REVIEW: Cell 7 by Kerry Drewery

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29864658Title: Cell 7
Author: Kerry Drewery
Publisher: Hot Key Books
Publication date: September 22nd, 2016
Genres: young adult, dystopia, romance
Pages: 384
Format: ARC
Source: Publisher

Buy the Book (Waterstones) | Buy the Book (Amazon)

Synopsis: 
Should she live or die? You decide 

An adored celebrity has been killed. Sixteen-year-old Martha Honeydew was found holding a gun, standing over the body.

Now Justice must prevail.

The general public will decide whether Martha is innocent or guilty by viewing daily episodes of the hugely popular TV show Death is Justice, the only TV show that gives the power of life and death decisions - all for the price of a phone call.

Martha has admitted to the crime. But is she guilty? Or is reality sometimes more complicated than the images we are shown on TV?


With a highly exciting premise, I simply couldn't wait to read Cell 7. The idea of the general public deciding whether someone was gulity or innocent appeared to be really interesting, its eerie tale drew me in, and from reading the blurb I thought that it would be fascinating book to devour. However this book had its ups and downs: there were moments were I highly enjoyed Cell 7, and there were some areas in which I did not, but the enjoyable moments clearly outweigh the latter. 

Here's the run down of Cell 7: Martha, a sixteen-year-old murders a well-loved celebrity, and it put on what is known as 'death row'. However, rather than there being a trial in a court, the public decides whether Martha should die for her crime or not through voting on a TV show entitled 'Death is Justice'. The aspect of this story is interesting, it had a very 'Big Brother' feel to it, with Martha being watched by the general public. The writing format for Cell 7 was entertaining, I thought that the plot relected the length of time Martha spent on 'Death Row', which I found to be very clever because it felt as though you were in the cells along with Martha.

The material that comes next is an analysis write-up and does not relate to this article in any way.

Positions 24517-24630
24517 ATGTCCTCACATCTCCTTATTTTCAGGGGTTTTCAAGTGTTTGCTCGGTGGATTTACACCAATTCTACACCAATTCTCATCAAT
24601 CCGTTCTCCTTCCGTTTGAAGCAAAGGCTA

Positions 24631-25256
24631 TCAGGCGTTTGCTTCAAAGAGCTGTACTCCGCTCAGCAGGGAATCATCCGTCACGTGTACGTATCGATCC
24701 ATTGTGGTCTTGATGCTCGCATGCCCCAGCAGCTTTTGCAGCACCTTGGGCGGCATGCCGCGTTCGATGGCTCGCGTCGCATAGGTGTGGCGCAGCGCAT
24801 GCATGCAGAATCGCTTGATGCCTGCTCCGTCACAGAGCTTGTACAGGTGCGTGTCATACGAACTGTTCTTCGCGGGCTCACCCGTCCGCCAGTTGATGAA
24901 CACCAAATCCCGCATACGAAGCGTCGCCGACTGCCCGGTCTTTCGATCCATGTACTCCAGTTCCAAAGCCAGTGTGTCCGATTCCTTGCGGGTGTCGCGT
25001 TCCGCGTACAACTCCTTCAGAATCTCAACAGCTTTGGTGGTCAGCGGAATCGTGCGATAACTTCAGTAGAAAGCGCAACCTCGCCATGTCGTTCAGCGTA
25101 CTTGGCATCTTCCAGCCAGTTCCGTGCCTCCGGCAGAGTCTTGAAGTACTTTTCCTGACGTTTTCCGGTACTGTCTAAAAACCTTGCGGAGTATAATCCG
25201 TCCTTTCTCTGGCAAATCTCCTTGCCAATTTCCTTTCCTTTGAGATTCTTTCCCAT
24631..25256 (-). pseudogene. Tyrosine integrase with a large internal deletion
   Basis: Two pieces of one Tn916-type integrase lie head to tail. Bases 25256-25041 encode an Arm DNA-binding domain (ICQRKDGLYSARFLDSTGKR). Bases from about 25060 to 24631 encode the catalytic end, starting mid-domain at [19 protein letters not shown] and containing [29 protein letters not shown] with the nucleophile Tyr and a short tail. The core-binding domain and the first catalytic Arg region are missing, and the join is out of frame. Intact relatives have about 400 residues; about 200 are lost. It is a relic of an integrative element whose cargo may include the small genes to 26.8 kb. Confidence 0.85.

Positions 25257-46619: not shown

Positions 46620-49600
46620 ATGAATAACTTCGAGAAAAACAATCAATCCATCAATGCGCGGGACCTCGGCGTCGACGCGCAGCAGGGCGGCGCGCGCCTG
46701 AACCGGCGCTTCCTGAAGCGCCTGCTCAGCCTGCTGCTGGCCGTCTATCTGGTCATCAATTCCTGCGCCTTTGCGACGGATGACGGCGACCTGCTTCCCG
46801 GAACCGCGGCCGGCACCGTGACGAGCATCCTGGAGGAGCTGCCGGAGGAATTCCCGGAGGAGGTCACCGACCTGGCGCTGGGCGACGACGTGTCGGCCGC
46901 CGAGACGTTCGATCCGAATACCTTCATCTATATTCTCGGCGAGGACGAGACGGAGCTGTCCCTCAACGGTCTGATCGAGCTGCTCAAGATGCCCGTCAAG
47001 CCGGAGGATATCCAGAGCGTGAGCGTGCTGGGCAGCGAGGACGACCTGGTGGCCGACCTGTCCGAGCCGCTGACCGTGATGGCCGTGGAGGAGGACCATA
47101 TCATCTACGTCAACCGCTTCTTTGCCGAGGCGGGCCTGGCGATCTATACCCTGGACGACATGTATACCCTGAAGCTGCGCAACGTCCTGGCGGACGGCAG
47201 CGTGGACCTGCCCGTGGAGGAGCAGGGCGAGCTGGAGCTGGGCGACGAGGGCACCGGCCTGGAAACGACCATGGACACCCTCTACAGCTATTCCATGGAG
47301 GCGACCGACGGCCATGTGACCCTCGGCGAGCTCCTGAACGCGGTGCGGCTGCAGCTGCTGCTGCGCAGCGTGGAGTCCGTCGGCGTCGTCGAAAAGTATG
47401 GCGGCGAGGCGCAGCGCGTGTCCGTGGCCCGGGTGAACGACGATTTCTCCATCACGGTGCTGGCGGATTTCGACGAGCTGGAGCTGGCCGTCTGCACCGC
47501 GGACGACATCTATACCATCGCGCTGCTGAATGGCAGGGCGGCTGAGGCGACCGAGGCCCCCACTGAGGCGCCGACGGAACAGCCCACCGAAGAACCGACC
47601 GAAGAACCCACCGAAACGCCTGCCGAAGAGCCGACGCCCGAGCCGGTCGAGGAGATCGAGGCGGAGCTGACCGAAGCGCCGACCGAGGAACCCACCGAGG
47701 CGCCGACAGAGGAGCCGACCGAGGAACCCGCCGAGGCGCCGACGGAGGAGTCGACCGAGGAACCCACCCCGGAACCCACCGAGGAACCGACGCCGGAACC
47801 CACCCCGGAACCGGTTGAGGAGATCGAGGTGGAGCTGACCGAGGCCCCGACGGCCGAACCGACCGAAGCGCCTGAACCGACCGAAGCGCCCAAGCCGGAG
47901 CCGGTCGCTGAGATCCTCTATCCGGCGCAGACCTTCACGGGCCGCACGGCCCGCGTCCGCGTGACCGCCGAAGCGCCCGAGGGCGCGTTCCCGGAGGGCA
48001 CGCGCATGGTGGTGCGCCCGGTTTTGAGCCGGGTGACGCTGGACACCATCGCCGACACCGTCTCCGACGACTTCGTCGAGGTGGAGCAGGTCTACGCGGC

However, I thought that the amount of narratives were too much. I often got confused by who the narrative was from, and, at times, made the plot a little bit messy - especially towards the end. I aldo did find that some aspects of Cell 7 were repetive which made the novel drone on a bit towards the end. There were areas in the story where I would have loved Drewery to developed on, as I thought that it would've cleared up some of the events in the story itself. 

Aside from the negatives, this was a pretty good book to read. I thought that the ending was a nice sum up, and it makes you ready for the sequel. Whilst I didn't feel an overall connection with the characters, I found the way that Drewery had written them were amazing - they didn't merge into one character, each of them appeared to be their own individuals. Cell 7 is the first book in a new series, and I'm looking forward to see what Drewery is planning. 

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